In both his life and his work, MVCC alum Musco Millner III dedicated to helping others
Musco Millner III ’90 speaks often of blessings. He counts many in his own life — from his strong family bonds to the opportunities he has had to serve others, and even the difficulties he has faced — all of which have helped shape who he is today.
But most of all, Millner talks about the importance of being a blessing to others.
“You can’t change the world, but you can change the moment,” he says. “The blessed of us must help the rest of us.”
That is the approach Millner — MVCC's 2022 Alumnus of Merit — takes in life and in his career, which includes teaching college math as an adjunct instructor in addition to a long, proud career in law enforcement.
Millner is now Director of Campus Safety at Utica University, a role he took on after retiring from the New York State Police in 2019. During his 26 years with the State Police, Millner was assigned to various locations of Central New York as well as the Capital Region. While no two patrol days were ever alike, it all came down to helping people solve problems.
“In law enforcement, you meet people at life’s crossroads,” he says. “Our job is to help at those crossroads.”
After years of serving as a patrol Trooper, Millner was assigned to the Forensic Unit, an exciting opportunity that presented some unique challenges. “I was the first African American member in the history of the New York State Police to be assigned to a Troop Forensic Identification Unit,” he says. “Upon arrival to the unit, one would say that the welcome was everything except that.”
The hardships of feeling unwelcomed in his new surroundings caused Millner to consider transferring back to the field. But with the encouragement of his parents and his own problem-solving approach, Millner persevered. “Those words of wisdom from my parents — I could hear them daily — ‘You belong. You stay. You sit up front. The day will come when you have to leave, and they won’t want you to.’”
About 10 years later, that day came. Millner was appointed Senior Investigator and was transferred to the Forensic Investigation Center in Albany. Several months after his transfer, he received a special request to return to the local Troop Forensic Identification Unit as the Unit Coordinator. One year later, Millner received the Bureau of Criminal Investigation Member of the Year Award.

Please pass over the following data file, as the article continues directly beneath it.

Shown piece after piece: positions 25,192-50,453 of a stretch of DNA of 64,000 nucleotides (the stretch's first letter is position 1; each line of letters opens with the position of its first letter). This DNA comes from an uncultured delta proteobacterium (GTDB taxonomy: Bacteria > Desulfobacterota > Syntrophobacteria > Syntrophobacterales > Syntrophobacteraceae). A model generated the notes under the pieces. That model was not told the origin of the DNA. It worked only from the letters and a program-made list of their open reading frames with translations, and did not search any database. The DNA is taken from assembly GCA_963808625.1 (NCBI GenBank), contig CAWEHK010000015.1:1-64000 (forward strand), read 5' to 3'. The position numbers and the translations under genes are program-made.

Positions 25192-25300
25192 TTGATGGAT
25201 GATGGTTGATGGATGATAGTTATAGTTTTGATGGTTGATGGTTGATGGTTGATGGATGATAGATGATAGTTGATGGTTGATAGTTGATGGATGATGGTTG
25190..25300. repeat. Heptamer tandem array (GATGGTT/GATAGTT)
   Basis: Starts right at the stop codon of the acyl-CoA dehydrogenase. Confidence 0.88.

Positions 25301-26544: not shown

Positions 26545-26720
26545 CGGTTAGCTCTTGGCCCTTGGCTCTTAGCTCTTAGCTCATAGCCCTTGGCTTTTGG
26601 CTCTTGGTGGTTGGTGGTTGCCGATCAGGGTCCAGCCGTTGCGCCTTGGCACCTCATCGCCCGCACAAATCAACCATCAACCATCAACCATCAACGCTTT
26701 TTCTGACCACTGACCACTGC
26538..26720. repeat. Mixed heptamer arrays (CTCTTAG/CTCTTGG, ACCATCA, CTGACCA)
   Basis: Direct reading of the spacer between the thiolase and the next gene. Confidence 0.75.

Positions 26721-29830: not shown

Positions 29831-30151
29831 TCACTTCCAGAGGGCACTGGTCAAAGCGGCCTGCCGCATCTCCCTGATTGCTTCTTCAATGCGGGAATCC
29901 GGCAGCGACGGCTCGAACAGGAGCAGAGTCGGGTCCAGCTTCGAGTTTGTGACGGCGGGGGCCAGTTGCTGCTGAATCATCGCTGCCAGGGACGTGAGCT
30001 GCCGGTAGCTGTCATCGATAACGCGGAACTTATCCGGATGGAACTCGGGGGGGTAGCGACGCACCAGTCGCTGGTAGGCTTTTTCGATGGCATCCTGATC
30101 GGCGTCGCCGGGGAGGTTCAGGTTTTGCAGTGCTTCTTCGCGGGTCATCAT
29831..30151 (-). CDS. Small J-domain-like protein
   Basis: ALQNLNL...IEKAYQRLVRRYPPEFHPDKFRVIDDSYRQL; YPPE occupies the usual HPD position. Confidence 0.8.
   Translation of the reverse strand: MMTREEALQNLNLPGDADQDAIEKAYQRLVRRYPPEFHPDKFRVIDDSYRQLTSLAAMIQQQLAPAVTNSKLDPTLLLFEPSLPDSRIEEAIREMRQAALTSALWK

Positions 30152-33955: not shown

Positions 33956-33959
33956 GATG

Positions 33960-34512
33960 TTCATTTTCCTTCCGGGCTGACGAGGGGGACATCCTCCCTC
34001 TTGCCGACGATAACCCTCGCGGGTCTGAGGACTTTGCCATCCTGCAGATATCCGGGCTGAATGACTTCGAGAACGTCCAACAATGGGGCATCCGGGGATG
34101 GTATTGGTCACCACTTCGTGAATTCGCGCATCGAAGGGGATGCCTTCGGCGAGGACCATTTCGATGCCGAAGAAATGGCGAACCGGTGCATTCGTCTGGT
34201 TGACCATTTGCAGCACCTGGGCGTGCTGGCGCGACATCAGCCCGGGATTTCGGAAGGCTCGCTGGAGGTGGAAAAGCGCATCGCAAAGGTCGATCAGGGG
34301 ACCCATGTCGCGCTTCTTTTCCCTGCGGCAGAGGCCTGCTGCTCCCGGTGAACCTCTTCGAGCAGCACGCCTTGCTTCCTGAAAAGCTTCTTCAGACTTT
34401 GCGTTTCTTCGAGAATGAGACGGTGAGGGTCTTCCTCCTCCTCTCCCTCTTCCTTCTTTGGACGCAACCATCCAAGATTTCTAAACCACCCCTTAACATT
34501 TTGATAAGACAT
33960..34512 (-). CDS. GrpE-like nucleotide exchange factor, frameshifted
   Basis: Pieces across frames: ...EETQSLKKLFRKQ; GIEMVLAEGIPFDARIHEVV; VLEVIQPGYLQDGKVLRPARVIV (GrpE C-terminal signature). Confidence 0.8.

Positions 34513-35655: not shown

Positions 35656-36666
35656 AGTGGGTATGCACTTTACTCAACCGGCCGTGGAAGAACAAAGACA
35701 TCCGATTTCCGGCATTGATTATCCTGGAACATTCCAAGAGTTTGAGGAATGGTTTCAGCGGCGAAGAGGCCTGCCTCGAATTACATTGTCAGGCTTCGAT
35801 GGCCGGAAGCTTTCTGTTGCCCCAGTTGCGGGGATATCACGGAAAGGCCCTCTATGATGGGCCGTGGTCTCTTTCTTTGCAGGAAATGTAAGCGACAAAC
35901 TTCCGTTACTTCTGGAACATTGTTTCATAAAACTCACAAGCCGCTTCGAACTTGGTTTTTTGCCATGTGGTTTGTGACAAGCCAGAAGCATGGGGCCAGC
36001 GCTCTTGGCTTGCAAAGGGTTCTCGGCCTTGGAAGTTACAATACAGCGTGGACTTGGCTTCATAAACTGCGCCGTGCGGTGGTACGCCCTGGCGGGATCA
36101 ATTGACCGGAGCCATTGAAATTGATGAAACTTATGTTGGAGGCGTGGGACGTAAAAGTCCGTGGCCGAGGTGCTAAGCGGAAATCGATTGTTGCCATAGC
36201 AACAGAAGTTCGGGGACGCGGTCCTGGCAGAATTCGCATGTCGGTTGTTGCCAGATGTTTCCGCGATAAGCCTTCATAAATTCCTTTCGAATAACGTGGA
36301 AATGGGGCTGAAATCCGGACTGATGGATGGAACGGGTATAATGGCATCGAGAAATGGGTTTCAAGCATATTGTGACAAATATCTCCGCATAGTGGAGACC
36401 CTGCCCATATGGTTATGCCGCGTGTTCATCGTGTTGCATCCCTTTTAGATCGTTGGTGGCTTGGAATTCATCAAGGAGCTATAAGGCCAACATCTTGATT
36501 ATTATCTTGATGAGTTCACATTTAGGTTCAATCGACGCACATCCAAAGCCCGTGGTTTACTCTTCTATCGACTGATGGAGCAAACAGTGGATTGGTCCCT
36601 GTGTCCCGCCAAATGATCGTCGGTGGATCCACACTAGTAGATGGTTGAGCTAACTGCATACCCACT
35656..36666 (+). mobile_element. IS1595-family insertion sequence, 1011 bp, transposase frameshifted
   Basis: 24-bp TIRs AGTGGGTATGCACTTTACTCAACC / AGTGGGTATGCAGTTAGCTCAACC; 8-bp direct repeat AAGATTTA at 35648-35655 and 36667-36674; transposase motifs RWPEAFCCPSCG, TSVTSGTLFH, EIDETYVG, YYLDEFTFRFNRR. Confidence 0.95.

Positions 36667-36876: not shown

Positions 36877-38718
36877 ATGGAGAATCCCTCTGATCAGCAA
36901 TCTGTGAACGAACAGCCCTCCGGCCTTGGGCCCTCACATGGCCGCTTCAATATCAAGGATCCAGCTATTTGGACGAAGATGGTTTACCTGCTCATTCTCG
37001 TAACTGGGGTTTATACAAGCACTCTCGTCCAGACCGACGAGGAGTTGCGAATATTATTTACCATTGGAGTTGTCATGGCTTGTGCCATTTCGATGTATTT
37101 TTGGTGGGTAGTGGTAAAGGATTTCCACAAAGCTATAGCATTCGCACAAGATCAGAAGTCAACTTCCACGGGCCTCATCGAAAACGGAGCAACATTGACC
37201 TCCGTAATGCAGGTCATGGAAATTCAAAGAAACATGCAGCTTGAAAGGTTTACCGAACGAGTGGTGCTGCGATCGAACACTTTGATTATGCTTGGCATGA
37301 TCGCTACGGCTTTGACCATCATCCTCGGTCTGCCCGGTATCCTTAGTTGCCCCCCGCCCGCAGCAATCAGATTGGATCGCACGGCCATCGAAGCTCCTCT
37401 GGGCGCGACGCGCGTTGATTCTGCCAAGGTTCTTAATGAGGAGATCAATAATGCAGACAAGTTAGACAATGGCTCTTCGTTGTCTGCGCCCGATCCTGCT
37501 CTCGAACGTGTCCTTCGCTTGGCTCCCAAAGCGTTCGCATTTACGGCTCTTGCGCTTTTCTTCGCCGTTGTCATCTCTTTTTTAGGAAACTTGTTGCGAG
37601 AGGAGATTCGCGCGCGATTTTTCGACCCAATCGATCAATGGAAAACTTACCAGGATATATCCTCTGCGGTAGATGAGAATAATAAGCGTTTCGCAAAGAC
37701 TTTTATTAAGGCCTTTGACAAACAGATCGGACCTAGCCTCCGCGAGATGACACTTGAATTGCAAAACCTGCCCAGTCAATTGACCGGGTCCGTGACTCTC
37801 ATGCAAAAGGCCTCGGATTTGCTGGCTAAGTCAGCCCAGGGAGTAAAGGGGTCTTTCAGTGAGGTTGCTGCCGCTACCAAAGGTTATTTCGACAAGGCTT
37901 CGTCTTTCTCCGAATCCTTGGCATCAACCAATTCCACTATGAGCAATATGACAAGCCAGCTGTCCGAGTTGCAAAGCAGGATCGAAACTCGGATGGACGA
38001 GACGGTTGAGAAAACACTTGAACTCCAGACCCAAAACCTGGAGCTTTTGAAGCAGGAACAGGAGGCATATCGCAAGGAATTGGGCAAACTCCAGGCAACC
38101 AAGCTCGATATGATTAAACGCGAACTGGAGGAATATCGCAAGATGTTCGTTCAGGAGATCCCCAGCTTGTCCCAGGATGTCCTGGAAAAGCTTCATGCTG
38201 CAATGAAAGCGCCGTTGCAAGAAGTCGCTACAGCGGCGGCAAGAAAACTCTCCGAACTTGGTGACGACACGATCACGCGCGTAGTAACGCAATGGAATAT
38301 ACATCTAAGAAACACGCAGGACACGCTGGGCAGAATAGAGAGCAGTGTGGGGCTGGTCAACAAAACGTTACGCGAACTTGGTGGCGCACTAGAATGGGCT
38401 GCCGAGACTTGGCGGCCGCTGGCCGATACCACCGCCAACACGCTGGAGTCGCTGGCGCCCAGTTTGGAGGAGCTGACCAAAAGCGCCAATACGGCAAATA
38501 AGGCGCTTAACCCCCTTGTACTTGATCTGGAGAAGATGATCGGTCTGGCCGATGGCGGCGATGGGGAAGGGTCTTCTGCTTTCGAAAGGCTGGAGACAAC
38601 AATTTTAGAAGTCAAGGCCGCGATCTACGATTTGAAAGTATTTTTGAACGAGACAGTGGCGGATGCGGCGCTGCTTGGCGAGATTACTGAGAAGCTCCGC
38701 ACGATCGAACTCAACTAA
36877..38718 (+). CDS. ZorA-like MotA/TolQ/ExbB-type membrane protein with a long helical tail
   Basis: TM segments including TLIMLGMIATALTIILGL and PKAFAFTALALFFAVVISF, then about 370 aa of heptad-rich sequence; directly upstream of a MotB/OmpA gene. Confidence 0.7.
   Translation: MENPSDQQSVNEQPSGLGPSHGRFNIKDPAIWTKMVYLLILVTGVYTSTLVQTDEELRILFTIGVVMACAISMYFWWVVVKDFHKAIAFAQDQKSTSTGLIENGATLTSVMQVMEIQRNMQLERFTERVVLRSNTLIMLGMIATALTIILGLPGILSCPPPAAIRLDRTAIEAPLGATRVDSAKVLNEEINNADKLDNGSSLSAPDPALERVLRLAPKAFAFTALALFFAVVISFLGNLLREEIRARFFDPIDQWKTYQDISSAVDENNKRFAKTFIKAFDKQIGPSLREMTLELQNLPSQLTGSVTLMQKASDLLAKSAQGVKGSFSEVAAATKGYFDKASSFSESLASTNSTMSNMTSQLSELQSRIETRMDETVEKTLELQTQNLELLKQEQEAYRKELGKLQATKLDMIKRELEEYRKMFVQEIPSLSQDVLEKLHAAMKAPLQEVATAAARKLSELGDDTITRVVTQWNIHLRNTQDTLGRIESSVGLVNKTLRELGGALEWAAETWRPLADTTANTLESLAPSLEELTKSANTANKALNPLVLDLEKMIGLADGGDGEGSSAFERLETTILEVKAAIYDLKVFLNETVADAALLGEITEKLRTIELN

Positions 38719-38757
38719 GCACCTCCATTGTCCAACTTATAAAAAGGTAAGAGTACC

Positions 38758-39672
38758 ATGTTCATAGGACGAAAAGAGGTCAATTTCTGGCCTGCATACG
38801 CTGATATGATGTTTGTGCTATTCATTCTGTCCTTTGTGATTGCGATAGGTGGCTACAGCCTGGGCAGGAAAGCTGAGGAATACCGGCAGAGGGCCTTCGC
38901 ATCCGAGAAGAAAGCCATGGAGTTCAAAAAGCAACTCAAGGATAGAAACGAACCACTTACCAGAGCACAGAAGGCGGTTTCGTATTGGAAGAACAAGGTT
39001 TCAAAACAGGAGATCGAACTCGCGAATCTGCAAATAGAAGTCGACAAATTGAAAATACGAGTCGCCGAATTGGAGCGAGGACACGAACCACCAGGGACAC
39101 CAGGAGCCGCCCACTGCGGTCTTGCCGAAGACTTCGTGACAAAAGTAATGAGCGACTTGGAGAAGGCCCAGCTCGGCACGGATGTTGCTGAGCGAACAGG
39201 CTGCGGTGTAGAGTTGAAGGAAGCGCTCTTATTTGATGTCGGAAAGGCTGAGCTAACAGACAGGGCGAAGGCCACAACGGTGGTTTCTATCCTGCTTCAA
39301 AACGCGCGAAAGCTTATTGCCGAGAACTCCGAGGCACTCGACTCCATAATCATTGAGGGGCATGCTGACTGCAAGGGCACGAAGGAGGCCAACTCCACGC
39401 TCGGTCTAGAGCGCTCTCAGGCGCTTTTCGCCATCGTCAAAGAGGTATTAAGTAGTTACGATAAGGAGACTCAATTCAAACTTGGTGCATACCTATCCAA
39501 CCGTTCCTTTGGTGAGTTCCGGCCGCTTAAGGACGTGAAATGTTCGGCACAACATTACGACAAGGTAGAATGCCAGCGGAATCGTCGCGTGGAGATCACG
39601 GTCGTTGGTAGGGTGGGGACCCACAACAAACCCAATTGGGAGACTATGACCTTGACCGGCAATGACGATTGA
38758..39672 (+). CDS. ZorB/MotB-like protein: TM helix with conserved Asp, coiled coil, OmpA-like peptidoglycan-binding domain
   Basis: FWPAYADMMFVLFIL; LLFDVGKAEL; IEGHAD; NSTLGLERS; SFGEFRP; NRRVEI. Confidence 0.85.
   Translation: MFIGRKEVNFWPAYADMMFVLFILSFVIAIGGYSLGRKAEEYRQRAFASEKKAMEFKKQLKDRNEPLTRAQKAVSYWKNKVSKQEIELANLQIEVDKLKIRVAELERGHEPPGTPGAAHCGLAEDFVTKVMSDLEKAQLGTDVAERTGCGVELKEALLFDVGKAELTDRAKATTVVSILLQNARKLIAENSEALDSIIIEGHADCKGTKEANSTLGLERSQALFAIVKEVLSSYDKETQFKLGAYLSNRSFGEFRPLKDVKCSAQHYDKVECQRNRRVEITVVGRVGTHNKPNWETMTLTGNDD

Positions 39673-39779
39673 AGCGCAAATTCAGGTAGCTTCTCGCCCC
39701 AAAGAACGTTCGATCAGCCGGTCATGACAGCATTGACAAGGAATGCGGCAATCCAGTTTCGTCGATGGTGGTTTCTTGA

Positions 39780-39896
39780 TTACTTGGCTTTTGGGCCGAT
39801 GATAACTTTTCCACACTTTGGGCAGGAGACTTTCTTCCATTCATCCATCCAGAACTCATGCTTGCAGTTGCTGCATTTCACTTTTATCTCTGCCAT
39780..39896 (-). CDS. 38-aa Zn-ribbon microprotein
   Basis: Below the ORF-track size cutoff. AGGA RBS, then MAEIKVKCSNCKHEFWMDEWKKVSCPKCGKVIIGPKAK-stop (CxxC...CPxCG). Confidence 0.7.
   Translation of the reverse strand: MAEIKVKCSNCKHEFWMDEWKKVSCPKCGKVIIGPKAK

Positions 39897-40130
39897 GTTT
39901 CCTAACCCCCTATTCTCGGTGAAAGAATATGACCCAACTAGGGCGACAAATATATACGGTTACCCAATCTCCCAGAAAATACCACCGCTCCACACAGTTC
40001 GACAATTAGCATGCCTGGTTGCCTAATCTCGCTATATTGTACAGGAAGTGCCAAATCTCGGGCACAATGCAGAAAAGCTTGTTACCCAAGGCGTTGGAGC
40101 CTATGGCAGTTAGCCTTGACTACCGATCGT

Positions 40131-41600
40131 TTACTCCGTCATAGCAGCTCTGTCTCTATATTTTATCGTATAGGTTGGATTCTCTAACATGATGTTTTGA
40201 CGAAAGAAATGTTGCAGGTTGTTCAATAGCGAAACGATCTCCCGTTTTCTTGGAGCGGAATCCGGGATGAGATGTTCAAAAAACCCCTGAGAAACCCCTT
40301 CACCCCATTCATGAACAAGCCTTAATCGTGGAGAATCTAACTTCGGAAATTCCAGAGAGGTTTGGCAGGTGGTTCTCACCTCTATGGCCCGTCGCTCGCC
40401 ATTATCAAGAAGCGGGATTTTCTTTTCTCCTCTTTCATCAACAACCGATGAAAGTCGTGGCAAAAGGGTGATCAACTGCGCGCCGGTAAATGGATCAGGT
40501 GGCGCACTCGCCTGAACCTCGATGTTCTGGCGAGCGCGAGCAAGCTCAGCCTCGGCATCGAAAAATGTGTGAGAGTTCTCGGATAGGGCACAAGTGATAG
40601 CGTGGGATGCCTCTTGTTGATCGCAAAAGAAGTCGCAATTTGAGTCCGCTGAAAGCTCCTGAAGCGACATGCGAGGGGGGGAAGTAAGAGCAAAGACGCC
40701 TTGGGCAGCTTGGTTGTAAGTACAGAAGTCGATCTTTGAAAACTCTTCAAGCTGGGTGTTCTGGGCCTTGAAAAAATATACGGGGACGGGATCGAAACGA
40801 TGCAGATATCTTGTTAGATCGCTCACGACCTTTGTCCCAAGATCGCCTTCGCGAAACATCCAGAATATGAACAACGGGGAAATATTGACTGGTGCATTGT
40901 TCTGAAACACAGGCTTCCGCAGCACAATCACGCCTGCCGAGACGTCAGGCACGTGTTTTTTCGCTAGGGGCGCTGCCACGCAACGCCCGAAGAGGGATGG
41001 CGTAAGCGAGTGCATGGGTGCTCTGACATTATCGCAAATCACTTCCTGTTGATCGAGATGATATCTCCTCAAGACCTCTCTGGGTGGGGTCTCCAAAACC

Even in retirement, Millner’s impact continues to resonate with his former colleagues at all levels within the State Police. “Younger people who came up after me have told me, ‘Musco, your spirit is still here.’ That’s heavy,” he says. “I’m grateful that I was part of somebody else’s journey.”
No matter where his career in law enforcement has taken him, Millner is always ready to answer the call to teach. “I enjoy being a part of the students’ better today and tomorrow.”
Currently teaching math and criminal justice courses as an adjunct faculty member at MVCC and Utica University, he takes great pride in seeing his students learn and grow. “I can’t put a dollar value on the feeling I get when a student reaches that point of understanding,” he says. “Being a part of their breakthroughs is what it is all about.”
Millner says his teaching philosophy is modeled after two of his MVCC professors — Donald Willner and the late Theodore “Ted” Moore” — who nurtured his passion for mathematics and solving problems.
“As a young African American male who loved math, I am so thankful for the atmosphere they created in their classrooms,” he says. “They saw something in me and encouraged me to stick with it. I not only learned mathematics; I learned about life and the importance of being a blessing to others.”
Millner came to MVCC in 1988 after a medical disqualification from Virginia Tech’s ROTC program. He returned home and enrolled full-time at MVCC as a math major, taking courses at both the Utica and Rome campuses. “Everything happens for a reason,” he says. “I didn’t understand it then, but I understand it now.”
After graduating from MVCC, Millner earned a bachelor’s degree in mathematics from the University at Albany and a master’s degree in mathematics education from Empire State College. He is currently pursuing a doctoral degree in curriculum and instruction with a specialization in mathematics education through University at Albany.
Throughout the years, Millner has been recognized for accomplishments in law enforcement, teaching and giving back to the community. In October 2022, Millner was named the recipient of the Booker T. Washington Freedom Fund Award by the Rome NAACP in recognition of his dedication to education and law enforcement and setting an example for those rising behind him. Other honors include the Excellence in Adjunct Teaching Award (2019), SUNY Chancellor’s Award for Excellence in Adjunct Teaching (2020), Utica/Rome Historically Black Ministerial Alliance Community Service Award (2019), Rome Wesleyan Church Appreciation Award for Loyalty and Faithfulness (2017), Bureau of Criminal Investigations Member of the Year (2011), and Oneida County Law Enforcement Coalition Service Award (1998).
Millner says the core values of MVCC continue to impact his life in meaningful ways. They taught him the importance of embracing community and being a model of what others can strive to achieve. “MVCC was the launching pad,” he says. “The instruction I received instilled in me the confidence that I could achieve anything I set my mind to. It was at MVCC where I learned who I was, where I was going, and how I was going to get there.”